The Michigan Daily-Friday, July 31, 1981-,Page 15
Lions' training camp a potpourri
o enjoyment and !ard
By RON POLLACK restricted to a wheel chair. The 6-5, 265-pound player Li
Daily sports writer went out of his way to shake the youngster's hand. ti-
ISpeciltoihe natty Upon seeing that the boy was wearing a Lion shirt s
with the number 20 across the front he asked, "can p(
ROCHESTER-With the regular season over a you tell me- just one thing, who's number 20." After at
month away, it is understandable that the Detroit' his admirer responded that the number 20 "slonged
Lions not feel the pressures that would accompany a to star running back Billy Sims, English quipped, "oh do
key contest. And are the Lions ever relaxed. While it yeah, the new guy," referring to the,fact that he sat v
would be going overboard to say that the players are# out last season and therefore was not a first-hand ca
enjoying the two-a-day workouts in the suiimer heat, witness to the former Heisman trophy winner's N
it can be said that they are quite at ease. rookie season. L
Peikaps the player who best typifies this is defen- Although the Lions' players seem -at ease, they
sive end Al "Bubba" Baker. During a break in have not lost sight of the fact that they are in camp to he
yesterday's second workout, the 6-6, 250 All-Pro said, perform a job. "You may see us smiling during prac- du
"hey, why don't we get some beer as long as we're not tice, but we're working hard," said starting wide- a]
doing anything." receiver Fred Scott. p
ENGAGING'IN jovial banter was defensive tackle THE LIONS ARE a threat to win the Central th
Doug English. When the practice ended, English was Division title which, in addition to making the work
beseiged by autograph seekers. Ater inking his involved in these practices a bit more bearable, has g
signature numerous times he jokingly said, "A kid resulted in team goals being put ahead of personal th
kicked me in the shins a few minutes ago when I ambitions for at least one Detroit player. The player qu
passed him up." is Scott,whose oosition will have the additional skills th
One of the myriad English fans was a young boy, this year of Mark Nichols and Tracy Porter, the da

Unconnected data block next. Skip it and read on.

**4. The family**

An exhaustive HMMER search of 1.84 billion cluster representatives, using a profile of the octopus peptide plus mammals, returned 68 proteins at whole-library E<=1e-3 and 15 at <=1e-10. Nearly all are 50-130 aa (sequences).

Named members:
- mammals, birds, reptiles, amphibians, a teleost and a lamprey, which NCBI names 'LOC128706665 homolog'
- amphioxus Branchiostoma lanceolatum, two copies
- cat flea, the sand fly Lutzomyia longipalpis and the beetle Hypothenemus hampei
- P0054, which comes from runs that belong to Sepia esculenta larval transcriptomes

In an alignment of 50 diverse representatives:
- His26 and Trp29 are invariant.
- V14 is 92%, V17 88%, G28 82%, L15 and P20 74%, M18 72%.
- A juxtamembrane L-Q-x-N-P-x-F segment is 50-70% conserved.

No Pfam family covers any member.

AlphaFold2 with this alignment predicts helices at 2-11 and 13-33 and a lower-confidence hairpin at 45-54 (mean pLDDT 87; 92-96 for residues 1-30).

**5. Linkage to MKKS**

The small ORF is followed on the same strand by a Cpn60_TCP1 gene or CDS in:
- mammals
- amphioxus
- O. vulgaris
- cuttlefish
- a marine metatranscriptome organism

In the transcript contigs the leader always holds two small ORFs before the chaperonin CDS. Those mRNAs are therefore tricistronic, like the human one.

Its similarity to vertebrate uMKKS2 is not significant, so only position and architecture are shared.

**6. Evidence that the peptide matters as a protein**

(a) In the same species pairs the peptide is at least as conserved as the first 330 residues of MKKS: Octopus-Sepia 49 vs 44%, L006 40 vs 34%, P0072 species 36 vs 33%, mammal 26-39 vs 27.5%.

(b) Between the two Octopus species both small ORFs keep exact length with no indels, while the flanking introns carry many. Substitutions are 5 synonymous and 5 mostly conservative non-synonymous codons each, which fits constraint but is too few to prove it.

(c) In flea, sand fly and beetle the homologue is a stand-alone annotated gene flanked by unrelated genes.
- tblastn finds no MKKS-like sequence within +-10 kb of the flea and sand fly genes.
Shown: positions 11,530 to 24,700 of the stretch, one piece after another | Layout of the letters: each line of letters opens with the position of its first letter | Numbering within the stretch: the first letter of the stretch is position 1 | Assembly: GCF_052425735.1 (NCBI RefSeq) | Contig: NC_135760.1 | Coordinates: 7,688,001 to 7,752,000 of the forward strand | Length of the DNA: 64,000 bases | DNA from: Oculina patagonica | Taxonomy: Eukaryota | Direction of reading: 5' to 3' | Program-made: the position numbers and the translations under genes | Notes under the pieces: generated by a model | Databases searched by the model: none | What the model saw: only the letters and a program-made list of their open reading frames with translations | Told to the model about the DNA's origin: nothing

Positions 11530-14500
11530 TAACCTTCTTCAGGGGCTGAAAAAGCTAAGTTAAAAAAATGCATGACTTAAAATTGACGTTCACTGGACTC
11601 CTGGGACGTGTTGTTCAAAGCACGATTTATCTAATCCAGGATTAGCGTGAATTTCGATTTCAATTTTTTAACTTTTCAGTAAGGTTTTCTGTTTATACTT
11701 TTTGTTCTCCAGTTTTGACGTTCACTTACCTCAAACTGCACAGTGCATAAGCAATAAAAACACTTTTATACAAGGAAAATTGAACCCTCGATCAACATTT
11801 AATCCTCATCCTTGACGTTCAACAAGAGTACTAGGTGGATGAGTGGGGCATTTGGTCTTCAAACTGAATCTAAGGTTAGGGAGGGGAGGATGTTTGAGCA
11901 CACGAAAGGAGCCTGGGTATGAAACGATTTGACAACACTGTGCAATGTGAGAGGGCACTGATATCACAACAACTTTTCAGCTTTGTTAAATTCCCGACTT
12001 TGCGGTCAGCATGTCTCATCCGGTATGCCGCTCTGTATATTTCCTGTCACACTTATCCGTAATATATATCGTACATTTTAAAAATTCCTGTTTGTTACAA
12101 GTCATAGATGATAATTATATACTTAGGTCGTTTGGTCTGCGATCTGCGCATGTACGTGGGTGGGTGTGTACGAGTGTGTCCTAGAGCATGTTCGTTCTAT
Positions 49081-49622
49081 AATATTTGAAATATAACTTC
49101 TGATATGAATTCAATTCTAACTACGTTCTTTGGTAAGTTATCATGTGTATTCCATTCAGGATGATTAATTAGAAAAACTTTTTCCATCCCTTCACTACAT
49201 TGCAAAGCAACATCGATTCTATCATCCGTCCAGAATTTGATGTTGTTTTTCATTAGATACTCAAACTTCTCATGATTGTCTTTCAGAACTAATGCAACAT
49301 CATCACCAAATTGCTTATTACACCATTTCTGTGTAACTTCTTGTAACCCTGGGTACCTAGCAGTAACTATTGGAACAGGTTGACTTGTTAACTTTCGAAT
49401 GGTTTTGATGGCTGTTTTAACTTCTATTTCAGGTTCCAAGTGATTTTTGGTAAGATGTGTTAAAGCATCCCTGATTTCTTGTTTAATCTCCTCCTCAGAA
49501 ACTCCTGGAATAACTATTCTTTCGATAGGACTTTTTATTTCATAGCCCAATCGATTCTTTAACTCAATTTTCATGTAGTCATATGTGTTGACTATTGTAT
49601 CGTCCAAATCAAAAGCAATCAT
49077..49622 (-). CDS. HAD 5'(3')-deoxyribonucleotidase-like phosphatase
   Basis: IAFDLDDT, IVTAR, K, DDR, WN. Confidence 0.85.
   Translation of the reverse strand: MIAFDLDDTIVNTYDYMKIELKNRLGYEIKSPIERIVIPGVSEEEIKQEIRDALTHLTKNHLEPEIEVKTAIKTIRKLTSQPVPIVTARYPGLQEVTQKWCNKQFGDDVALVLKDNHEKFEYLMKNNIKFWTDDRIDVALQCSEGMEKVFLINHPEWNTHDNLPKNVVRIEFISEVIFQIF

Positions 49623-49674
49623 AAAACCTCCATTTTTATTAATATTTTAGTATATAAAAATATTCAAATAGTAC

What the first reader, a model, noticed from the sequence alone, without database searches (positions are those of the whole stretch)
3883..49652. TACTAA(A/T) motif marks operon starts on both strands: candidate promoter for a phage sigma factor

1968 - Year of the Tiger
It doesn't matter if you side with the players or the owners in the
current baseball strike, there is one thing that everyone agrees on-it is
an unfortunate situation. So in order to partially relieve the misery of
any baseball junkies going through withdrawal, throughout the
duration of the strike the Daily is providing a look back to a more
pleasant time-1968. There was no free agent compensation, no
NLRB, no court injunctions-and no strike. And for those of you
who don't remember, in 1968 the Tigers were winners, World Series
winners, in fact. Each day the Daily relates the results of the previous
evening's Tiger game-minus 13 years.
Jty 30--Tigers 5, Yankees 0
ions' first and fourth round draft choices, respec-
vely, from the college draft held in late April. Scott
iys that even though the two rookies play at his
osition, he will help them in order to make the Lions
"It used to be, five to ten years ago, it was a doggy-
og situation (when a rookie joined a team at a
eteran's position)," he said. "But I'm coming into
amp thinking that if I can help rookies like Mark
ichols or Tracy Porter, them I'll just be helping the
ions in their quest for a championship."
Dreams of a championship and a relaxed atmosp-
ere may make it a little easier for-the Lions to en-
ure the two-a-day workouts, but they cannot
lleviate the fatigue felt by the players after such
ractices. The players leave the field walking slower
ian usual as sweat glistens from their entire body.